Farming Focus InBrief – May 2022

  • If you require advice from one of our consultants, do not hesitate to contact them by email or phone.  If you do not have their details please contact the office on 01664 503200 or email [email protected]
  • The Lump Sum Exit Scheme is now open for applications. The Scheme is open until 30th September 2022 and is not expected to be available for applications in future years. It allows English farmers to take their future BPS payments through to 2027 in a single Lump Sum. In return, farmers will have to transfer out (rent, sell or surrender their tenancy) the agricultural land that was at their disposal on 17th May 2021. Up to 5 hectares of agricultural land can be retained, also any non-agricultural land and buildings including the farmhouse. The payment will be based on the average BPS payment received by the business for the three years 2019-2021 (the reference period). This will be capped at £42,500 and multiplied by 2.35, meaning the maximum payment will be just under £100,000. The full scheme guidance and application forms can be found via For further information please go to our article published in February.
  • In response to rocketing prices of fertiliser, Defra has announced three measures to help farmers with their nutrient management.
    • Urea: The planned ban on the use of urea fertiliser has been scrapped. Instead, an industry-run voluntary scheme will aim to reduce the ammonia emissions from solid urea fertiliser, commencing in 2023. This will be delivered through the Red Tractor farm assurance scheme and FACTS advisers.
    • Farming Rules for Water: Defra has released ‘revised and improved’ statutory guidance on applying the Farming Rules for Water. The de facto ban on autumn manure spreading, based on how the rules were being enforced, has been removed. The Farming Rules for Water have not been amended. Instead, the new guidance tells the Environment Agency about criteria that they should consider when assessing if enforcement action should be taken under the regulations. It also provides some clarity for farmers as to how to manage the use of slurry and other manures during autumn and winter.‎
    • Slurry Storage: The final Defra announcement was a confirmation that grants for slurry stores will be available in England. This will come under the Farming Investment Fund. Little detail is currently known, but grants between £25K and £250K at a 50% rate are expected to be available to fund up to 6 months of slurry storage. Stores will need to be covered and it may be possible to cover existing stores. The scheme is expected to be competitive. If you need any advice on increasing or updating your storage, please get in touch.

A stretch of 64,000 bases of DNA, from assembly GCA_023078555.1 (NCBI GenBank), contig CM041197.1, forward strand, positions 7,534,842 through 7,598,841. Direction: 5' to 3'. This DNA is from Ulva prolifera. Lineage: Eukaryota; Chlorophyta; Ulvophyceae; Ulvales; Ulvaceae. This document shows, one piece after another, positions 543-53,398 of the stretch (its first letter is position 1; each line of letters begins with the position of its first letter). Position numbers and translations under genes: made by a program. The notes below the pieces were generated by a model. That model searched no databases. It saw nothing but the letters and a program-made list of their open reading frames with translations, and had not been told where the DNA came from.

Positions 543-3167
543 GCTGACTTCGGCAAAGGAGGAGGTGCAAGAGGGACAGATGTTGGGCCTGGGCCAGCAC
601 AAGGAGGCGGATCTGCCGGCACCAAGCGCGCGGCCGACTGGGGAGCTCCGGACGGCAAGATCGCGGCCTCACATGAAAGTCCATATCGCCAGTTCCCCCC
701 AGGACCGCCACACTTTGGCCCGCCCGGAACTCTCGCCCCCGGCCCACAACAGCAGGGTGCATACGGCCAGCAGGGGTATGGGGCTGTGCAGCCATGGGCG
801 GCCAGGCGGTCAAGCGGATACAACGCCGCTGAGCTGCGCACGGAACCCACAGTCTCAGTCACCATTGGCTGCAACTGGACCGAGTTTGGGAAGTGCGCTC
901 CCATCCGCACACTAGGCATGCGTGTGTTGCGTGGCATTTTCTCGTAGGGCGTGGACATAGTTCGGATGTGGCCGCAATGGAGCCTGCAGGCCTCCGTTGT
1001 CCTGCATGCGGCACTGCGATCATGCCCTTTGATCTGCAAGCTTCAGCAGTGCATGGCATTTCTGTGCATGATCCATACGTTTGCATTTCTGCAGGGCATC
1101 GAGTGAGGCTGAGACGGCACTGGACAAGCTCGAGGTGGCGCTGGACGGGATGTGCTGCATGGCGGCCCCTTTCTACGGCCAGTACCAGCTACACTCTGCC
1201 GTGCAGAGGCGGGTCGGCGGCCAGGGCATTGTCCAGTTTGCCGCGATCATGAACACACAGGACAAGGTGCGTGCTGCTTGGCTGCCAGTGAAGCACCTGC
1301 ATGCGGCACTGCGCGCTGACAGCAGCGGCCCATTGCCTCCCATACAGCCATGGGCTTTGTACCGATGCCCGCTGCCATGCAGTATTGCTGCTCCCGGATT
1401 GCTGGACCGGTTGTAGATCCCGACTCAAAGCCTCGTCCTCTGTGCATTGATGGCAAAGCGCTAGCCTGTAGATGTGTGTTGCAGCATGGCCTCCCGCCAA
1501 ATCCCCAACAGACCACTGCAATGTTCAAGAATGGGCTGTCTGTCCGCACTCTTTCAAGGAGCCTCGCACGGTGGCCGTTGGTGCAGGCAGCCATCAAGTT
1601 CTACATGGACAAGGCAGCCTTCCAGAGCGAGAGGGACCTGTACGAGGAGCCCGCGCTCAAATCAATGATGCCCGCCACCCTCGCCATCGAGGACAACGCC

• The Welsh Government has announced it is making £227m of funding available over the next three years (2022-2024) to support Wales’ rural economy. This funding is in response to the ending of the EU Rural Development Programme (RDP), which will completely close in 2023. It will ensure continued support for the areas previously funded under the RDP such as environmental land management, capital equipment to improve productivity, nutrient management and on-farm storage. It will also provide support for organic farming and woodlands. Scheme details are still being drawn-up, but for 2022 £100m is being made available further details can be found at
  • Field trials of a genetically modified barley have been approved by Defra. The study will use gene-editing techniques to investigate the role of existing barley plant genes that interact with soil microbes. The aim is to make the plants more efficient users of soil nutrients and reduce the need for artificial fertilisers. The trials will take place over the next 5- years at 3 sites of the Crop Science Centre; a partnership between the National Institute of Agricultural Botany and the University of Cambridge.
  • The war in Ukraine has been the key driver of grain markets over the last two months and in the short-term it will continue to drive commodities and inputs. However, there are other factors also driving prices. Severe drought in parts of the US wheat belt has lowered US wheat crop condition ratings. In addition, the US maize crop is smaller as growers are opting for soyabeans over maize. The latest International Grains Council (IGC) supply and demand estimates, support the view of tight markets. World grain closing stocks are forecast to fall by 26.5 million tonnes from 2021/22 to 2022/23. But with the situation in Ukraine, all forecasts should be treated with caution.
  • The Bank of England increased the Base Rate by a further 0.25% on the 5th of May.  This takes the cost of borrowing from 0.75% to 1%.  This is another attempt to respond to increasing inflation which is being exacerbated by the Russia-Ukraine conflict.  The Bank is tasked with keeping inflation at 2% but, according to the Bank’s own forecast, increases in prices would rise above 10% this year.  The rise in interest rates is meant to bring inflation back towards the target over the medium term.  Many forecasters believe that there will be at least another 0.25% price rise before the end of 2022, taking rates to 1.25%.

This month’s Spotlight looks at the recent Defra announcement on the Sustainable Farming Incentive (SFI). Click Here for further information.

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